https://meditation-research.org.uk/wp-content/uploads/2021/05/equanimity.jpg 724 1159 Dr Peter Malinowski https://meditation-research.org.uk/wp-content/uploads/2019/10/logo.svg Dr Peter Malinowski2021-05-03 21:13:482021-07-17 14:54:32Equanimity
Equanimity plays an important role in Buddhist psychology. In the last few years it also gained traction in psychological research, particularly in relation to meditation and mindfulness. Although equanimity research is still limited, first results indicate that it may be an important driver for some of the positive effects mindfulness-based approaches yield. For years evidence […]
https://meditation-research.org.uk/wp-content/uploads/2019/11/Meditating-Hands.jpg 770 1160 Dr Peter Malinowski https://meditation-research.org.uk/wp-content/uploads/2019/10/logo.svg Dr Peter Malinowski2019-11-08 13:53:182020-05-18 19:50:38What do we mean by meditation?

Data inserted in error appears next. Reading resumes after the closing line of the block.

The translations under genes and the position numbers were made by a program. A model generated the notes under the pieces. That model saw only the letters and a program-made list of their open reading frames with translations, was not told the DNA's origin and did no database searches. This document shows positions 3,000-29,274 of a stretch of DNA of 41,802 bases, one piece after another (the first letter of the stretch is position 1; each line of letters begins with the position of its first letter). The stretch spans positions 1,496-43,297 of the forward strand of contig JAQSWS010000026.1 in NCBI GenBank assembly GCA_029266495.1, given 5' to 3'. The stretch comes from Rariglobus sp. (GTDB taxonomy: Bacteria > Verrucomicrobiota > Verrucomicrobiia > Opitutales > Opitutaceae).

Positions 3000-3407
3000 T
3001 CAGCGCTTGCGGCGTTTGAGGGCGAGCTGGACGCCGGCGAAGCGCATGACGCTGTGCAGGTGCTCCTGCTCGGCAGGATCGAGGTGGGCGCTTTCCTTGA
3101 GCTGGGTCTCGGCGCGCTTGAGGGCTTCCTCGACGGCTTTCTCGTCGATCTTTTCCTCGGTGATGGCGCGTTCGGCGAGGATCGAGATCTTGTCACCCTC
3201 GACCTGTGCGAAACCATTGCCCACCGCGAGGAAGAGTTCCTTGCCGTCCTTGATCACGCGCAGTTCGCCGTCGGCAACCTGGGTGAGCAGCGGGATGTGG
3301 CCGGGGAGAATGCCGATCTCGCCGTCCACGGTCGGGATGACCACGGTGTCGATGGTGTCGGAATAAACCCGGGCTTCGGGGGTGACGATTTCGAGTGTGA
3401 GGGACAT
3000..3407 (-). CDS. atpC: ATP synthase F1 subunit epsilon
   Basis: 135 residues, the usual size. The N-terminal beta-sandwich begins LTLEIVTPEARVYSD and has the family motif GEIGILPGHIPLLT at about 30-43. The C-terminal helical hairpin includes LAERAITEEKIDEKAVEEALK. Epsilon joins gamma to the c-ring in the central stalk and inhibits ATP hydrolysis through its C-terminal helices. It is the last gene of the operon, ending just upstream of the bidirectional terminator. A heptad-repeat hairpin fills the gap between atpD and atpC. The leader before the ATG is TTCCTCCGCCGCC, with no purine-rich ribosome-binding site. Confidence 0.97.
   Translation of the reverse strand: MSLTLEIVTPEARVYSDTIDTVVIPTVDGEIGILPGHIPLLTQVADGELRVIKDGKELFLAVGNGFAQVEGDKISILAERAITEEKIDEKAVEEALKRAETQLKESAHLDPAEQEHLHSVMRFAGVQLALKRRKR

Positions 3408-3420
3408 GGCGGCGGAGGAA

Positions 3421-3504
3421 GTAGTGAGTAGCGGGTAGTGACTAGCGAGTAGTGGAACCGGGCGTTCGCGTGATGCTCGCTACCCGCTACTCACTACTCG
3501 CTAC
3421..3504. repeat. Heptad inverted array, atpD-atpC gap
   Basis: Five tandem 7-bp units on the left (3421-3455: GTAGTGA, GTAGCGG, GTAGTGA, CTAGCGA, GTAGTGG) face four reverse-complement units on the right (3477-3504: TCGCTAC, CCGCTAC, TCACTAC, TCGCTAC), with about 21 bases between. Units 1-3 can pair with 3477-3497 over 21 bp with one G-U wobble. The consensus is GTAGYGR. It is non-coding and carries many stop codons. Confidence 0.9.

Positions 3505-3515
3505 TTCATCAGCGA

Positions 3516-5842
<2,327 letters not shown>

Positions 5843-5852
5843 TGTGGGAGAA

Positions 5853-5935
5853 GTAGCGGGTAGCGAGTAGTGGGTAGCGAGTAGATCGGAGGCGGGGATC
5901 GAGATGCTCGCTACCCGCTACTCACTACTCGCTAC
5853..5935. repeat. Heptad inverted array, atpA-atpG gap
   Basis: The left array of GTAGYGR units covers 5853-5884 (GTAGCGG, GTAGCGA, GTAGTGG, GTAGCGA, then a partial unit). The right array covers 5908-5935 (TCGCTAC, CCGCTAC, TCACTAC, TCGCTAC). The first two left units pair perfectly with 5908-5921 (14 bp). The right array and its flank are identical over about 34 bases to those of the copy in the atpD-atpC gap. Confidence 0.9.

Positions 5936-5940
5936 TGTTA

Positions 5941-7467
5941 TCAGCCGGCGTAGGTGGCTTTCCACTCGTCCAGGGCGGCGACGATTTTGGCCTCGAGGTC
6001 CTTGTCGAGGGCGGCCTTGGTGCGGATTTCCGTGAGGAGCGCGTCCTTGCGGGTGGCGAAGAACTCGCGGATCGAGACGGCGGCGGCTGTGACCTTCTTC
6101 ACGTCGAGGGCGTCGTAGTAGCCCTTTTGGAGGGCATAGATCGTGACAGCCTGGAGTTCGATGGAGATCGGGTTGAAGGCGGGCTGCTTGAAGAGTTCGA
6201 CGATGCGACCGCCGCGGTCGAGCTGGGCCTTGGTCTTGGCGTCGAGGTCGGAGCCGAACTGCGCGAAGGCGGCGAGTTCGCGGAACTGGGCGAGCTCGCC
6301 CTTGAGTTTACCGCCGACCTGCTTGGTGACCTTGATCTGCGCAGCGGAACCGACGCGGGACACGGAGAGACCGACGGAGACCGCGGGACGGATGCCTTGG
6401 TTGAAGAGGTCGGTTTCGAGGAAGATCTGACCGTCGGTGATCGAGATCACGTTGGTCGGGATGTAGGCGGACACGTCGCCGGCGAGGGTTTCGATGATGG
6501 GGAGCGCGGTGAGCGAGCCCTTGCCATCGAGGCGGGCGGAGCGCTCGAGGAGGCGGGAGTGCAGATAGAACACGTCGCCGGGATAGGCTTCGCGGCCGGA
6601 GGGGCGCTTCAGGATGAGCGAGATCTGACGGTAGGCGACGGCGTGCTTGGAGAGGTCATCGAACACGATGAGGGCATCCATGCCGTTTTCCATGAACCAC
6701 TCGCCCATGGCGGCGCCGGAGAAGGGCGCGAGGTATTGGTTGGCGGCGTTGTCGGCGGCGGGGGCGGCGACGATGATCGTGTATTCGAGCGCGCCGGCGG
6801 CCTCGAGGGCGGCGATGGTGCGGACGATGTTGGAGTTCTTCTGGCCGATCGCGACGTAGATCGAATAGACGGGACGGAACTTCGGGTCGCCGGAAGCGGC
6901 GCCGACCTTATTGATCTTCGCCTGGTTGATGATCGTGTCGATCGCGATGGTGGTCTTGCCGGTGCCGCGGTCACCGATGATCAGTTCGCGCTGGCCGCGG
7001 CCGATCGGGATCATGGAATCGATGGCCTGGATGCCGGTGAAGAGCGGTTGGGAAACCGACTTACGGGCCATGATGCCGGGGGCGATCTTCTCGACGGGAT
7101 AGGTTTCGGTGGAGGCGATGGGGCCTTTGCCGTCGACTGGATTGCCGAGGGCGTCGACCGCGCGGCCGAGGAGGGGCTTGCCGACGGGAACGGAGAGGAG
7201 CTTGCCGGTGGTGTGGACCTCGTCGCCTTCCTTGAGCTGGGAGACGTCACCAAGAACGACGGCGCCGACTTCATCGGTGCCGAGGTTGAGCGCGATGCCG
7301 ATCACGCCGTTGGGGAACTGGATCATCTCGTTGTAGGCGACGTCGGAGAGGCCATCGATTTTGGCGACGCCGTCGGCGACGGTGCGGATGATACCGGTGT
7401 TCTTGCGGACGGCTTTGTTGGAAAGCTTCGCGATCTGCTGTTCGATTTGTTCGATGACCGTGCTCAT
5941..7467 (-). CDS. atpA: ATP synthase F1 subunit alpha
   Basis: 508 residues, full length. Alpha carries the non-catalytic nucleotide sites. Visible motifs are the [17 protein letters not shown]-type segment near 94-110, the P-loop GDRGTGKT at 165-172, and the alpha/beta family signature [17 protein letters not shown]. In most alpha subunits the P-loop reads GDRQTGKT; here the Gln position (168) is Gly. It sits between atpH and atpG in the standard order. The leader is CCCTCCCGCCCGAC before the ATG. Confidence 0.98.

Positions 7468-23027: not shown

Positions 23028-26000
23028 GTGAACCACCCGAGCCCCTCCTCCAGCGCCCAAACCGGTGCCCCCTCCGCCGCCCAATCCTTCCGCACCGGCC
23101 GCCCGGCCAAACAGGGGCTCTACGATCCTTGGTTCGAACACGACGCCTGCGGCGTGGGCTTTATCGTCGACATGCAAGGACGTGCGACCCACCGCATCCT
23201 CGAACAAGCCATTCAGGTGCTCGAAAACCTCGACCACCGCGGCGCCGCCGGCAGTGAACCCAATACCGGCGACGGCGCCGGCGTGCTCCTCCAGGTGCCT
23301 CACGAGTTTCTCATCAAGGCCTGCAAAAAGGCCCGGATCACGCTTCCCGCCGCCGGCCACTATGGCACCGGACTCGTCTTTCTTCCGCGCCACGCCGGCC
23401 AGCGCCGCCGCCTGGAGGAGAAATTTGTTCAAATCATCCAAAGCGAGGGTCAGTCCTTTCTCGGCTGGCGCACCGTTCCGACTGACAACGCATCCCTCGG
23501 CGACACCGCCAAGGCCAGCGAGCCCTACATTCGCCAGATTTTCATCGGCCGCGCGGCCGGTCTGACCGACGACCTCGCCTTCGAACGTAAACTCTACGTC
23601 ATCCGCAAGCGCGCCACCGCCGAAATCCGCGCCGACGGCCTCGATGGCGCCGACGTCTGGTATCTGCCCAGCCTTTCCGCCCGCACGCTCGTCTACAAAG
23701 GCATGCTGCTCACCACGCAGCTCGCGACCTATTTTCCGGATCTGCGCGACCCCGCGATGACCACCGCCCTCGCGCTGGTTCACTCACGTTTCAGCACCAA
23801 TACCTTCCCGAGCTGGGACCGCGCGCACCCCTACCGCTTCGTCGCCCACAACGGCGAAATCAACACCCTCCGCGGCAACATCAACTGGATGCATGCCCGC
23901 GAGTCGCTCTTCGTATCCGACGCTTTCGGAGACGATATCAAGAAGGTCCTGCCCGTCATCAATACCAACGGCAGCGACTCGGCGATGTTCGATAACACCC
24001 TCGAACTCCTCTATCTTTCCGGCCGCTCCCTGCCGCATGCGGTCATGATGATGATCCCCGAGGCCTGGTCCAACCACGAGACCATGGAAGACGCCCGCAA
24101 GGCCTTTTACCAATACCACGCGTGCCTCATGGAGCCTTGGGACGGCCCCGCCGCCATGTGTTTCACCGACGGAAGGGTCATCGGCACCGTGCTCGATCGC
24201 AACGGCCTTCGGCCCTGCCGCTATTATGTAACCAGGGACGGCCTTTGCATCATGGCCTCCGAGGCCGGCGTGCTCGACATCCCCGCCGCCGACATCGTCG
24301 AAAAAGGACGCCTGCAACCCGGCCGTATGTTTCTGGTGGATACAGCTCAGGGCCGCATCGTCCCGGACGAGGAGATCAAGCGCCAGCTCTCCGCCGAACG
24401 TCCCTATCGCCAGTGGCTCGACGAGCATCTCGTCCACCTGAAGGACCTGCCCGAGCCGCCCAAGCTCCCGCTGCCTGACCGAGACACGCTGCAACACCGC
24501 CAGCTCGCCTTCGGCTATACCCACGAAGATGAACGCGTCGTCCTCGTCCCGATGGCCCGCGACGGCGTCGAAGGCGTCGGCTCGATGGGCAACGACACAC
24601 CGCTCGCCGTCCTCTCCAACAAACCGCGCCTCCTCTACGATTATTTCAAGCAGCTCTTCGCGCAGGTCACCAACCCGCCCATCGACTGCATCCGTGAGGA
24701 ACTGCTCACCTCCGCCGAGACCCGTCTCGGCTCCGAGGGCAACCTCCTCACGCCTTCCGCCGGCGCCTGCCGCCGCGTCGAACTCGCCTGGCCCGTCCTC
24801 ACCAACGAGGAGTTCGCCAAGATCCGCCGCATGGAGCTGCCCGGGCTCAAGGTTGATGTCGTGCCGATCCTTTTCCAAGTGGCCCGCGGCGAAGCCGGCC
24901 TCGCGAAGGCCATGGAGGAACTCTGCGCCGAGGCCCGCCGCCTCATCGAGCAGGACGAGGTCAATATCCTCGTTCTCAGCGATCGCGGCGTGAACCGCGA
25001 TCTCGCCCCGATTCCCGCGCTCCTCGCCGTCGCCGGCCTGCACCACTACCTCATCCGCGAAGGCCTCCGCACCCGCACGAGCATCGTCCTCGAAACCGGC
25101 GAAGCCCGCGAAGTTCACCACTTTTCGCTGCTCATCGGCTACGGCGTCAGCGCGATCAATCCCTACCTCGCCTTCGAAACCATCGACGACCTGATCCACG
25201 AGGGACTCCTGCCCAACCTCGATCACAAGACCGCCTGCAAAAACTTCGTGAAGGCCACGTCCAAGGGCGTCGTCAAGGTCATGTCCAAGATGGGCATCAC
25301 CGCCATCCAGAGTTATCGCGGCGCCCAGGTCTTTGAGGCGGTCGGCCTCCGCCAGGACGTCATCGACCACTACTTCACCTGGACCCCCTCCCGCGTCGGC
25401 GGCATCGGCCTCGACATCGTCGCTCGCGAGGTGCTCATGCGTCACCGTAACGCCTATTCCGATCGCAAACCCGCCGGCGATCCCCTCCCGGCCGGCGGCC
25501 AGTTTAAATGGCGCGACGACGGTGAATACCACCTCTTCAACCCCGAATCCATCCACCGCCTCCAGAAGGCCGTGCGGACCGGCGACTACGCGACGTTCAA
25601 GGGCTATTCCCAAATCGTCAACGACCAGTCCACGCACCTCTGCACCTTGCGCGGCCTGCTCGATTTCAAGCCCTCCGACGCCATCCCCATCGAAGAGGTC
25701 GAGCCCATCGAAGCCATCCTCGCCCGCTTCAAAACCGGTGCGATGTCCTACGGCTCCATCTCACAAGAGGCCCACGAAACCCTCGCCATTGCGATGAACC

With current use of umbrella terms, a 5-minute meditation exercise from a popular phone application might be treated the same as a 3-month meditation retreat. (Van Dam, et al 2018) When referring to meditation on these pages, we mainly focus on practices that are loosely related to Buddhist types of mind training – although, where […]
Knowledge Base – Categories
- Applied Domains (14)
- Approaches (13)
- Meditation (8)
- Mindfulness (20)
- Research skills (24)
Didn’t find what you were looking for? – Or curious about something else?
As a member, you are invited to suggest new content for our knowledge base or the blog.
ageing attention brain networks buddhism cognition cognitive control compassion conference Diamond Way DTI eating education EEG emotions ERP fMRI happiness harm intervention Loving kindness MBSR measurement mechanisms meditation meta-analysis mind mindfulness mindfulness-based programmes negative effects neuroscience obesity physiology psychology questionnaire randomised controlled study relationships review side effects state mindfulness Stroop theory trait mindfulness Vajrayana visual processing work